protocol, just as an Ethernet frame envelopes an IP packet. Unlike Ethernet, SLIP
supports only the IP across a single link. The serial link is manually connected and
configured, including the specification of the IP address. SLIP provides no mechanisms
for address negotiation, error correction, or compression. However, many SLIP
implementations record the states of TCP connections at each end of the link, and use
header compression that reduces the size of the combined IP and TCP headers from 40 to
2.4.5 Point-to-Point Protocol
Point-to-point protocol (PPP; RFC 1661, RFC 2153) replaces the older SLIP, and is an
encapsulating protocol for IP and other protocol datagrams over serial links. The
encapsulation and framing adds 2, 4, or 8 bytes depending on the options chosen. PPP
includes a link control protocol (LCP) that negotiates the encapsulation format, sizes of
packets, authentication methods, and other configuration options. The CCP (compression
control protocol) used by PPP negotiates encryption. The IP control protocol (IPCP)
included in the PPP configures the IP address and enables the IP protocol on both ends of
the point-to-point link.
3 INTERNET PROTOCOL
This section describes IP version 4 (RFC 791), which currently (2006) dominates the
Internet. The next generation of TCP/IP, numbered v6, is described later.
IP delivers a sequence of bytes, called a datagram, from a source host S to a destination
host D, even when the hosts are on different networks, geographically vastly separated.
The IP layer forms an IP datagram from the byte sequence and the destination given by
the upper layer during a send; the reverse of this happens during receive.
The IP layer software discovers routes that the packet can take from S to various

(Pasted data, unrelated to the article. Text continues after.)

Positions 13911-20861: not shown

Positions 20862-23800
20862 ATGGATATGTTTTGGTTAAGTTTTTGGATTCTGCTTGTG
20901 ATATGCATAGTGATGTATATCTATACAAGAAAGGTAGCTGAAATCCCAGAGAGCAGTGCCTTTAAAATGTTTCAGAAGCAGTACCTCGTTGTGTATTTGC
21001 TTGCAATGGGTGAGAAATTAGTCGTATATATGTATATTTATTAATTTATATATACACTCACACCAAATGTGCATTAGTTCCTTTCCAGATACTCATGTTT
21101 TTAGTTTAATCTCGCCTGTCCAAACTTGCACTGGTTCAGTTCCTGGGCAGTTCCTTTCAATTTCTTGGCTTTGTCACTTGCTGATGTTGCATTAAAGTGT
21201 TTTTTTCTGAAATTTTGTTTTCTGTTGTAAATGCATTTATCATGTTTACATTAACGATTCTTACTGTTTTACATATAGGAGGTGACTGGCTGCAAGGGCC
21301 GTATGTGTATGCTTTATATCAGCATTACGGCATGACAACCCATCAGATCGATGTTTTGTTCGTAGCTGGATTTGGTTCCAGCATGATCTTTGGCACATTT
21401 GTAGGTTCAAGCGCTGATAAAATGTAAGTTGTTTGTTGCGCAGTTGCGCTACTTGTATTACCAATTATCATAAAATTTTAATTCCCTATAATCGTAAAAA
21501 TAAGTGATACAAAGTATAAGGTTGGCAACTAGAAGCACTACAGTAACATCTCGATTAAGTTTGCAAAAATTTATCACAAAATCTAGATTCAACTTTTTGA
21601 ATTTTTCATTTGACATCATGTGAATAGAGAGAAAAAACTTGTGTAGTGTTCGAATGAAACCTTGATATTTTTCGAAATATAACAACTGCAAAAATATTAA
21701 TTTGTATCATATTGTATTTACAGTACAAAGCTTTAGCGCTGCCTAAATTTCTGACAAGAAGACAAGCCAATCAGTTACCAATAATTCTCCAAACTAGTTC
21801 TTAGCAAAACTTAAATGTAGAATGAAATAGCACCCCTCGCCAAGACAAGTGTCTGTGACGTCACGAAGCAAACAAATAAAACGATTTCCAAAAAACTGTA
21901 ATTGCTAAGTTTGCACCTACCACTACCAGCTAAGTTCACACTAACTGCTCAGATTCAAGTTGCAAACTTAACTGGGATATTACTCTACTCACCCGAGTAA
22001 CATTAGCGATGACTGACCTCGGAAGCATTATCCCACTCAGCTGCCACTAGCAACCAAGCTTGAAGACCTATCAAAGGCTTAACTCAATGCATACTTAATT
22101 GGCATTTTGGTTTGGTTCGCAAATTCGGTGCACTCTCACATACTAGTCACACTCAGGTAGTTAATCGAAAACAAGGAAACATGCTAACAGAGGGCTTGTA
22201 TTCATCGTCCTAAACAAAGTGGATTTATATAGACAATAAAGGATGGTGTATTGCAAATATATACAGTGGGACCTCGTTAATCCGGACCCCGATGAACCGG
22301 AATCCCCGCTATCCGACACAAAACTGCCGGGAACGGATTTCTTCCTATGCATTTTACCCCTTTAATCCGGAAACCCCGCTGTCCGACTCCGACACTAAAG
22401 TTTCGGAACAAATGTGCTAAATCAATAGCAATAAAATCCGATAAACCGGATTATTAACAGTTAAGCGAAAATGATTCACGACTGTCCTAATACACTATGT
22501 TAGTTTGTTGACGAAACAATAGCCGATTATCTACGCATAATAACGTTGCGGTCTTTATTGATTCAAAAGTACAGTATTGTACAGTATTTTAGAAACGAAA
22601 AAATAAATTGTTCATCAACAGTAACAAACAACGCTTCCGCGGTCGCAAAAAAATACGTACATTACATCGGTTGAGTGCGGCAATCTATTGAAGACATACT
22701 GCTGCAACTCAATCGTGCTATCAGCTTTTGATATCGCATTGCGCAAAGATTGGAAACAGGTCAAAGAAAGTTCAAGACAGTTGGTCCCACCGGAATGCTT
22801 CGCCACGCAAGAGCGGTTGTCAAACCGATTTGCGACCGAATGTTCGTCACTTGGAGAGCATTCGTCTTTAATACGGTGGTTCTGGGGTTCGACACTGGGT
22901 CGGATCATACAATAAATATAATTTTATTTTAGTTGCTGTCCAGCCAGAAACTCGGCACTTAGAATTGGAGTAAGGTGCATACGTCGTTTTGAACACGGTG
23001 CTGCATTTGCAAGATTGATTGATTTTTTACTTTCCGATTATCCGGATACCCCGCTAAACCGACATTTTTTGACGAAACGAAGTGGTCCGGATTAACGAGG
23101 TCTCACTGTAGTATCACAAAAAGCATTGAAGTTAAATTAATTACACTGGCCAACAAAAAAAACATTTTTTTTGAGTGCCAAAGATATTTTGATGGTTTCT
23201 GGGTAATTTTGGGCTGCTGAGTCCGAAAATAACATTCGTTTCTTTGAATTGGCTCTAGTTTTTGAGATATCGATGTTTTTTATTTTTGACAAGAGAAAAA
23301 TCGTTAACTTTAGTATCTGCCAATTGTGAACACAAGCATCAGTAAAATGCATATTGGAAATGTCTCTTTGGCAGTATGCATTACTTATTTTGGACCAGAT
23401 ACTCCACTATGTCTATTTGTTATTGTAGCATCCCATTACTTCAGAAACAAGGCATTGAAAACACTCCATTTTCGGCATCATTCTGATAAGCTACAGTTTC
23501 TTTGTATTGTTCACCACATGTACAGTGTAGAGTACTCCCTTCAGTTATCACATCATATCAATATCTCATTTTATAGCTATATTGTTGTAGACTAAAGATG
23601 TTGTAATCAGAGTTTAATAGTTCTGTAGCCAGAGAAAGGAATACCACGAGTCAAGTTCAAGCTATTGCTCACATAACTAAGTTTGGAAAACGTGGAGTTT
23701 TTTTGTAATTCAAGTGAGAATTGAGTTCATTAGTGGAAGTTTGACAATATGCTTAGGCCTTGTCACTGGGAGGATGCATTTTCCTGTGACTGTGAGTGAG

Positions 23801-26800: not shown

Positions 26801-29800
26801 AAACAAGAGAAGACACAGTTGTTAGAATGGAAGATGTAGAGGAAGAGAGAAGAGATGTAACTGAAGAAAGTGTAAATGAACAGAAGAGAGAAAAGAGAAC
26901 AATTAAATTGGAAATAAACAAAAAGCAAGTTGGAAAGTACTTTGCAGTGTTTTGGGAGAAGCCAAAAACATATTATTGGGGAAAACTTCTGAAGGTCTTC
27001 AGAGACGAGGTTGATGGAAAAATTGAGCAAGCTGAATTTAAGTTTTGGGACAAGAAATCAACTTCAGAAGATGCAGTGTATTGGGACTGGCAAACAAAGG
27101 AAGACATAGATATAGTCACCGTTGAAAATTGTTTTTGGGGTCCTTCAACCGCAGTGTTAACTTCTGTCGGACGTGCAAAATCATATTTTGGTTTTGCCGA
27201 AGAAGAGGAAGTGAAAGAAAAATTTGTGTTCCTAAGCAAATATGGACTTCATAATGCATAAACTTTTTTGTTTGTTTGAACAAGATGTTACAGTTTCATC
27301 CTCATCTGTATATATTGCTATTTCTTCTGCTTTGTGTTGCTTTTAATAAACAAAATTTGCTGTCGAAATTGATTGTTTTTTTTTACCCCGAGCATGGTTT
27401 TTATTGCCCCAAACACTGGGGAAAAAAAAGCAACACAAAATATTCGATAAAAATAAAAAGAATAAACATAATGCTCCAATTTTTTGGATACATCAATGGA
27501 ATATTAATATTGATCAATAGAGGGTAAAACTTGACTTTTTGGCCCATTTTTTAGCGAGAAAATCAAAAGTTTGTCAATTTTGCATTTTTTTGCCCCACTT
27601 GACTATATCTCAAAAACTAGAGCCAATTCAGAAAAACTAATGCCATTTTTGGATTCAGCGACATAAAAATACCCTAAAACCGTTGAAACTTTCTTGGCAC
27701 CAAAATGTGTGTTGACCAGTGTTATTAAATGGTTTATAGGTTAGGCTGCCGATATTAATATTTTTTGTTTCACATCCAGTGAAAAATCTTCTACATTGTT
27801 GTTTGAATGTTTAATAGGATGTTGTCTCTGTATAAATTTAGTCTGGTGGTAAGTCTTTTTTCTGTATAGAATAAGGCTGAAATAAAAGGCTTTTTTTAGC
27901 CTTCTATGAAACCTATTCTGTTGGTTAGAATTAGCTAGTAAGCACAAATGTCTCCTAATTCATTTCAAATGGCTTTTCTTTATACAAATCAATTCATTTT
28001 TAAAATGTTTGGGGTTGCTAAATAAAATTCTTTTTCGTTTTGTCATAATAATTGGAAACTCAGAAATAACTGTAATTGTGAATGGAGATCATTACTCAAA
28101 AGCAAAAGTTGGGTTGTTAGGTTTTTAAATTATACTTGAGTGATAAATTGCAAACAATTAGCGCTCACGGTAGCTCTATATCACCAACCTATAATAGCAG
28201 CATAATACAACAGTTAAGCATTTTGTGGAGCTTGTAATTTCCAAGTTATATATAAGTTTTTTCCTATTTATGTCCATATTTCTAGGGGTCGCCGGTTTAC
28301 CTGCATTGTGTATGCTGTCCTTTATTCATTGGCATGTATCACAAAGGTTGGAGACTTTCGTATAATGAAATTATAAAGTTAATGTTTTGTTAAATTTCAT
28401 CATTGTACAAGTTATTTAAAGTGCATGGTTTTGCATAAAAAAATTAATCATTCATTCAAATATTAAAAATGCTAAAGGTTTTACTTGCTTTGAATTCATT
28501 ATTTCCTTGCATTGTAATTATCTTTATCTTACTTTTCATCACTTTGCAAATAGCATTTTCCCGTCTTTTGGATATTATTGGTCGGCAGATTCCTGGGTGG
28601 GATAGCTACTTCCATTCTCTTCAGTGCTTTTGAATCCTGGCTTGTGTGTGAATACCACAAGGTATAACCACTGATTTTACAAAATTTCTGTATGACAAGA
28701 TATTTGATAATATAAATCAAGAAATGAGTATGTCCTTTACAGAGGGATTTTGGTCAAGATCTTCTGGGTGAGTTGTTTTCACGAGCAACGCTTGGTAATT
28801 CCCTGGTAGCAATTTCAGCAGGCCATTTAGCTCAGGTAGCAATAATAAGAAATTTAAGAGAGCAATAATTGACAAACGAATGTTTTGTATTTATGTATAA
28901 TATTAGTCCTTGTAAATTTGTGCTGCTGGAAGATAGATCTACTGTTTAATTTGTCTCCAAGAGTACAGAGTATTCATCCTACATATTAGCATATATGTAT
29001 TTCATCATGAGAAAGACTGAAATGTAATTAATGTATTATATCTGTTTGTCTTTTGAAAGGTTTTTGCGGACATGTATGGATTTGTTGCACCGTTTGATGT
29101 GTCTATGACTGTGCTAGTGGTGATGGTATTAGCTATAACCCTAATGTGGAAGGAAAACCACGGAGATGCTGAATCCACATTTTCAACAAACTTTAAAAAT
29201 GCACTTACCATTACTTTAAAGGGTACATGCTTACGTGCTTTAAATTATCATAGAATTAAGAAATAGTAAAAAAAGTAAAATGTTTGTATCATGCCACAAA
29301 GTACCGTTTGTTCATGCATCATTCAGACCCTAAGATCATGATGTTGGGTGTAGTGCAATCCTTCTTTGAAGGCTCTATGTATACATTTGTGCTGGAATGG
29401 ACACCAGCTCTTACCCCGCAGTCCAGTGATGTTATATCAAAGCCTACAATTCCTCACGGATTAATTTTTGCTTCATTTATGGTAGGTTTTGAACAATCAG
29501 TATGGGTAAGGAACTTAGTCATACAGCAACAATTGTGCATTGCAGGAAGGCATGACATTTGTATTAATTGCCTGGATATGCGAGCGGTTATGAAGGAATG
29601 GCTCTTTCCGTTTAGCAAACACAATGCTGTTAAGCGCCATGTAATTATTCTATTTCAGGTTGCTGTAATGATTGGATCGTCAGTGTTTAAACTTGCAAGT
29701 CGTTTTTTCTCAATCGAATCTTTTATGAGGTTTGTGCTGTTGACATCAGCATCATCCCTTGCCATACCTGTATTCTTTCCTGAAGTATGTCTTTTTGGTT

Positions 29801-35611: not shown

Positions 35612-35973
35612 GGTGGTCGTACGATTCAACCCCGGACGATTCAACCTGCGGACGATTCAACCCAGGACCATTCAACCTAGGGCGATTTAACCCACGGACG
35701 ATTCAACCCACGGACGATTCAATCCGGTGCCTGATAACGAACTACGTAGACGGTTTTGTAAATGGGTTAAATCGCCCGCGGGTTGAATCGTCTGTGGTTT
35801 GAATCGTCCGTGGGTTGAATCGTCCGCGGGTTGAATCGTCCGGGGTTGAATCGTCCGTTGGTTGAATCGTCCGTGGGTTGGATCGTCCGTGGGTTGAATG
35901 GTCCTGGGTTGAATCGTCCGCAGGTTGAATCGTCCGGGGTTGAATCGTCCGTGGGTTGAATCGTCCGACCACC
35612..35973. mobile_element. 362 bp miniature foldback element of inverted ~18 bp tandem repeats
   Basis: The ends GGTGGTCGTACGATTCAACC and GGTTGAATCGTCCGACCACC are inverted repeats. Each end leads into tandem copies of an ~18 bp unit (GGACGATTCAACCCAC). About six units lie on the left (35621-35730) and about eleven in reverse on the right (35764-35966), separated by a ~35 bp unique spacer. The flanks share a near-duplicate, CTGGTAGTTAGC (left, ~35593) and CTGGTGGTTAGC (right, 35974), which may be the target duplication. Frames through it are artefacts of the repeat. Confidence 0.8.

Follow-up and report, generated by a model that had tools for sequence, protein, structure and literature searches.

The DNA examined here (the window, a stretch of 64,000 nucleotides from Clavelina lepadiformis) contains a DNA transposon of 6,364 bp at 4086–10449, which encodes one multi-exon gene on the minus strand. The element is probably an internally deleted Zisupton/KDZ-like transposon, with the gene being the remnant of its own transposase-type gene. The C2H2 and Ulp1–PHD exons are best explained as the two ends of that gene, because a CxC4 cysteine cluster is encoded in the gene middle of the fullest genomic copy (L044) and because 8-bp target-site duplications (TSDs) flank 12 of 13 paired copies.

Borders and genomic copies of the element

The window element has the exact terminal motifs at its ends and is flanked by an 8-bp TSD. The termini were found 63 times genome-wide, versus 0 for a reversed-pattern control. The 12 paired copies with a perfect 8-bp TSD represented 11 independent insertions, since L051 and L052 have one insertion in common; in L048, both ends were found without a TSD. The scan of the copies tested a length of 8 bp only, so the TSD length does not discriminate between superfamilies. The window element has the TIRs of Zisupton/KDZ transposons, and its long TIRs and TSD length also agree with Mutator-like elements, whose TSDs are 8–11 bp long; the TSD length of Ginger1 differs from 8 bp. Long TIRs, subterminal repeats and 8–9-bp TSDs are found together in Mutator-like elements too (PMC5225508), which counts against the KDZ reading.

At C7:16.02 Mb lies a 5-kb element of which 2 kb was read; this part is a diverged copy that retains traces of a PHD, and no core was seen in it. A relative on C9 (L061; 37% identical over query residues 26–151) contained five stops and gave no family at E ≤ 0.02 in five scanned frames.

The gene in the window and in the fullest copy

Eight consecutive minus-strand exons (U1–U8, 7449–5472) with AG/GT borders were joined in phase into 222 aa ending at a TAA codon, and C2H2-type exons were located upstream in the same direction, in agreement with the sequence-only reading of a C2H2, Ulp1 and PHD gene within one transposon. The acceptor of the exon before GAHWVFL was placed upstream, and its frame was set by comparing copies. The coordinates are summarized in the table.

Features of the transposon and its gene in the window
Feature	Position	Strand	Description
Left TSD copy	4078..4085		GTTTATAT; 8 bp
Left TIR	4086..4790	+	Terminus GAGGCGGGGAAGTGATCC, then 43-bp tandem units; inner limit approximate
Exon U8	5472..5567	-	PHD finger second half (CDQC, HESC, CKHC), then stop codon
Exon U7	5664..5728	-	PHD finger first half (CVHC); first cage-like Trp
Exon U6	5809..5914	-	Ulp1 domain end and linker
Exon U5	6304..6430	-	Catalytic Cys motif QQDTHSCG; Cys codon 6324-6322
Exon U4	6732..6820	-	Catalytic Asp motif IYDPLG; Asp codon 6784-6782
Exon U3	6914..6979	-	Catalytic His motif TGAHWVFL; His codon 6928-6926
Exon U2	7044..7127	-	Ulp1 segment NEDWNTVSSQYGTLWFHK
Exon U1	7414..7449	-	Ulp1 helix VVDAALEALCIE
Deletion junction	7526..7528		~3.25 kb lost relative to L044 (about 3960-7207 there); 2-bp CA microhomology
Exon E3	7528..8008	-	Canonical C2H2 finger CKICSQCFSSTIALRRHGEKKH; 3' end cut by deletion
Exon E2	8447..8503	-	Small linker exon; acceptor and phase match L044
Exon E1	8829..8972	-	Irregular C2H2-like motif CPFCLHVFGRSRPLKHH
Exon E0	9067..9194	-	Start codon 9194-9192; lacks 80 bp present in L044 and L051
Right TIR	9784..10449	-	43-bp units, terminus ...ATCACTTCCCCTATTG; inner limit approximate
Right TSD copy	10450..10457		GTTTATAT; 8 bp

intermediate nodes, known as routers, ultimately arriving at D. Thus, IP is routable.
Section 7 describes routing.
Each datagram travels independently, even when S wishes to send several datagrams to
D; each datagram delivery is made independently of the previous ones. The route that
each packet takes may change. The sender S, the receiver D, and intermediary routers
treat a datagram independently of others. Thus, IP is connectionless.
The IP layer is designed deliberately not to concern itself with guaranteed delivery (e.g.,
datagrams may be lost or duplicated), but instead it is a "best effort" system. ICMP
described later, aids in this effort.
3.1 IP Addresses
An OS, during boot-up, assigns a unique 32-bit number known as its IP v4 address to
each NIC located in the host system. There is no rigid relationship between the MAC
address and the IP address. The IP address is obtained either by looking it up in a
configuration file or via dynamic host configuration protocol (DHCP). When a machine
is moved from one network to another, we must reassign an IP address that belongs to the
new network. This is one of the problems that mobile IP solves.